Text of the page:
The Energy White Paper 2012 (EWP2012), released by the Australian Government last week, seeks to map out a strategic policy framework for future energy supply. One of the major goals of EWP2012 is to provide a “clear vision” of how Australia should set about the long-term task of decarbonising our stationary electricity, liquid fuels and industrial sectors. So how well does it succeed?
As an overview of the current status quo on domestic supply, distribution and exports of energy, it is a fine document. However, as a forward-looking, agenda-setting stimulus paper, it has weaknesses. The focus is strongly on how natural gas and unconventional fossil fuel markets might develop in the coming decades under various uncertainties, and the impact of these on national economic growth and trade. In terms of its projections of the expansion of currently poorly developed “alternative” (non-fossil) electricity – the biggest issue to address – let’s consider the medium-demand scenario (Fig. 6.1, pg 88):
This shows a gradual phase out of traditional coal (to be replaced by carbon-capture and storage [CCS] variants after about 2035) and a ramp-up of combined cycle gas (both CCS and non-CCS). Up to half of electricity is coming from wind, solar thermal, solar PV and engineered geothermal by 2050. The estimated cost is “more than $200 billion in new generation investment”.
These projected finances are based on the levelised cost of electricity estimates provided in the recent AETA report, but do not adequately consider “value” of the electricity, as I explained here. Putting that to one side, the basic technology options, with current and projected 2030 prices, are shown in Fig. 6.2:
Nuclear power – generated by both large (“monolithic”) and small (“modular”) reactors – are an obvious low-cost, low-carbon (and baseload) standout here in Fig. 6.2. Yet nuclear power is invisible in the Fig. 6.1 projections.
Why? This is explained in Box 6.3 on pg 98 of EWP2012. The argument made is that there is no “social consensus” on the technology (is there one for coal-seam gas?), nor an economic case (but that is relative to its direct competitor, black and brown coal, with no carbon price).
So, in fact, nuclear doesn’t appear in the future modelling race because it’s not allowed up to the starting gate. This is not the case for any other energy source. Note that Box 6.3 does leave the door ajar for “future governments” to consider nuclear if other low-carbon technologies fail to achieve desired emissions cuts, and also notes that a decision to fission should be made by around 2020 if the first significant nuclear generators are to be plugged into the grid by 2030.
Other than a fleeting reference here or there regarding international forecasts of electricity use and uranium mining, that’s the only real reference to nuclear fission across the 234-page EWP2012 report.
The trade-offs implicit in ignoring a viable low-carbon energy option can be underscored by undertaking a short tour of the excellent new CSIRO efuture tool that was released to accompany EWP2012.
This is a web-browser-based scenario builder, which is simple and intuitive to use, allows any interested person to “Explore scenarios around technology cost, electricity demand and fuel prices, and see how your choices impact Australia’s electricity costs, technology mix and carbon emissions through to 2050.”
There are a large number of possible combinations to try, but I’ll focus on one that combines:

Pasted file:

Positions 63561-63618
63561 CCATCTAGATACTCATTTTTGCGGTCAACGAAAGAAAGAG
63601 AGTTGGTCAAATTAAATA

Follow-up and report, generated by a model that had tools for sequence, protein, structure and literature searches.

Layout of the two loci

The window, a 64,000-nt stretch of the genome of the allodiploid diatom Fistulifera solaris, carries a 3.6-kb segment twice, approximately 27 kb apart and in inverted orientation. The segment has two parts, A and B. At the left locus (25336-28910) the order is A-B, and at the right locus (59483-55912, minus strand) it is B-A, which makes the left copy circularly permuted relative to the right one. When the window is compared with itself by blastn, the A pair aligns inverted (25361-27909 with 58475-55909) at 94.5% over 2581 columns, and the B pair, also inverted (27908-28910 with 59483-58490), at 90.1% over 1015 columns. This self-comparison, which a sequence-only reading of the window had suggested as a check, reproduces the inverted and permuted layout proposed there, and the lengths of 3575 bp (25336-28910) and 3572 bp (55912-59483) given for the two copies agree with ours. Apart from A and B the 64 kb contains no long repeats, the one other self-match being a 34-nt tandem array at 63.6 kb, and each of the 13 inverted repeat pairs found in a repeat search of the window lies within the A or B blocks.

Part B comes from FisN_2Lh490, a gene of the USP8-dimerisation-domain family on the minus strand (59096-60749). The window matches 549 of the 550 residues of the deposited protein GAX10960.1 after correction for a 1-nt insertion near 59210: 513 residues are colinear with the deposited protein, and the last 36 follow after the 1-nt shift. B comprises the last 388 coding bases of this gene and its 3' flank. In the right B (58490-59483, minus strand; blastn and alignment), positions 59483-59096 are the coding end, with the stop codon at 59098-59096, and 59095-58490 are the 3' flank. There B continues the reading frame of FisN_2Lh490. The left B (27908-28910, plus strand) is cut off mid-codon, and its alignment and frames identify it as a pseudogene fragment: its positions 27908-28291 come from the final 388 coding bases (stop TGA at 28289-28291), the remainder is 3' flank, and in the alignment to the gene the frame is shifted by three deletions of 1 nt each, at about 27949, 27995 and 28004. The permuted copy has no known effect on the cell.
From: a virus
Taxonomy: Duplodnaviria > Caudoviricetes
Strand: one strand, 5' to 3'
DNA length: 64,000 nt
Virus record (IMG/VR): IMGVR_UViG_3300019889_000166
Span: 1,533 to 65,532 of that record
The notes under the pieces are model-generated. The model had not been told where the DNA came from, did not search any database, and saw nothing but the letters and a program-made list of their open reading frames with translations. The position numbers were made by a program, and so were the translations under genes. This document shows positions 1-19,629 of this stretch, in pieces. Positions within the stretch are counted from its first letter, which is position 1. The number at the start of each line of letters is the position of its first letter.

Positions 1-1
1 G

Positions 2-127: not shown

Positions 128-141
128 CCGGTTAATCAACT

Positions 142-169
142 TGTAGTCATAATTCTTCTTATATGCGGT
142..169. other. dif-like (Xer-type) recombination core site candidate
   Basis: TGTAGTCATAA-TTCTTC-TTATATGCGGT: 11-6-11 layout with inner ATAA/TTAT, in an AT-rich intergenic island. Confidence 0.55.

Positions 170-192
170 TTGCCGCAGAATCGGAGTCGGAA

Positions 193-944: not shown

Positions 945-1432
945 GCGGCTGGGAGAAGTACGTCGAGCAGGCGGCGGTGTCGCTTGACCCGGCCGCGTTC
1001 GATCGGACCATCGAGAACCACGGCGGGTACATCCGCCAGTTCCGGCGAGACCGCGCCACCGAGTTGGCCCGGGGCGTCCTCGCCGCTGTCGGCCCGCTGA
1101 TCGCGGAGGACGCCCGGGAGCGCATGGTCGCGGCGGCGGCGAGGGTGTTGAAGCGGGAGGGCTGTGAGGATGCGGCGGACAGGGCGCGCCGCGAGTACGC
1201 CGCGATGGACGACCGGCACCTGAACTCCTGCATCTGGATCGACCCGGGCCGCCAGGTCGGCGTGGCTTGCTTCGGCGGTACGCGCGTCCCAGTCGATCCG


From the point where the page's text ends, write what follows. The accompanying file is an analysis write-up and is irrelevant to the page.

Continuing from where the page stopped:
- an enhanced emphasis on energy efficiency and conservation (low demand)
- projections of future rising prices of fossil fuels due to potential shortages or supply bottlenecks (high fuel price)
- inclusion of all technologies with a high-cost scenario to allow for a potentially diverse mix of supply
- storage backup
- crucially, a “yes” answer to “nuclear permitted”.
The electricity time series looks like this:
In this nuclear-powered crystal ball, fission energy starts to grow seriously after about 2030, and by mid-century it constitutes a little under half of Australia’s electricity supply. Gas is held steady at a relatively low level, coal and wind are largely displaced, and grid-scale and distributed solar generation continues to grow.
Greenhouse-gas emissions are slashed by 90%, with most of emissions coming from gas plants used to meet peak demand.
In addition, I should point out that if nuclear is permitted, the general balance of electricity generation technologies that results is insensitive to selections on fuel prices, demand levels, storage choices, and so on. Try it. In modeller’s jargon, we’d say the conclusion that nuclear ought (by the numbers) to play a big role in decarbonising Australia’s future economy is robust to parameter uncertainty … if it is allowed.
Finally, for a point of comparison, here are the greenhouse-gas emission reductions achieved with the efuture tool, for the same scenario as above. The only difference is in this case, nuclear remains forbidden:
In this case the 2050 emissions are acceptably low, although still almost double that under the nuclear-allowed scenario. To achieve this outcome, there will need to be a far greater reliance on carbon capture and storage to do the job (around a third of total supply). This is unlikely to appeal to most environmentalists.
The estimated cost for this scenario is about $150 per megawatt hour (wholesale), compared to $110 per megawatt hour when nuclear is permitted for otherwise the same modelling selections.
We can each draw our own conclusions from this scenario building. That is a great thing about modelling of alternatives, where the user is given flexibility – trade-offs can be made explicit and transparent.
For me, the overriding message is this: nuclear plus renewables equals cost-effective decarbonisation. Excluding nuclear means higher greenhouse-gas emissions, higher cost, and more fossil fuels with CCS.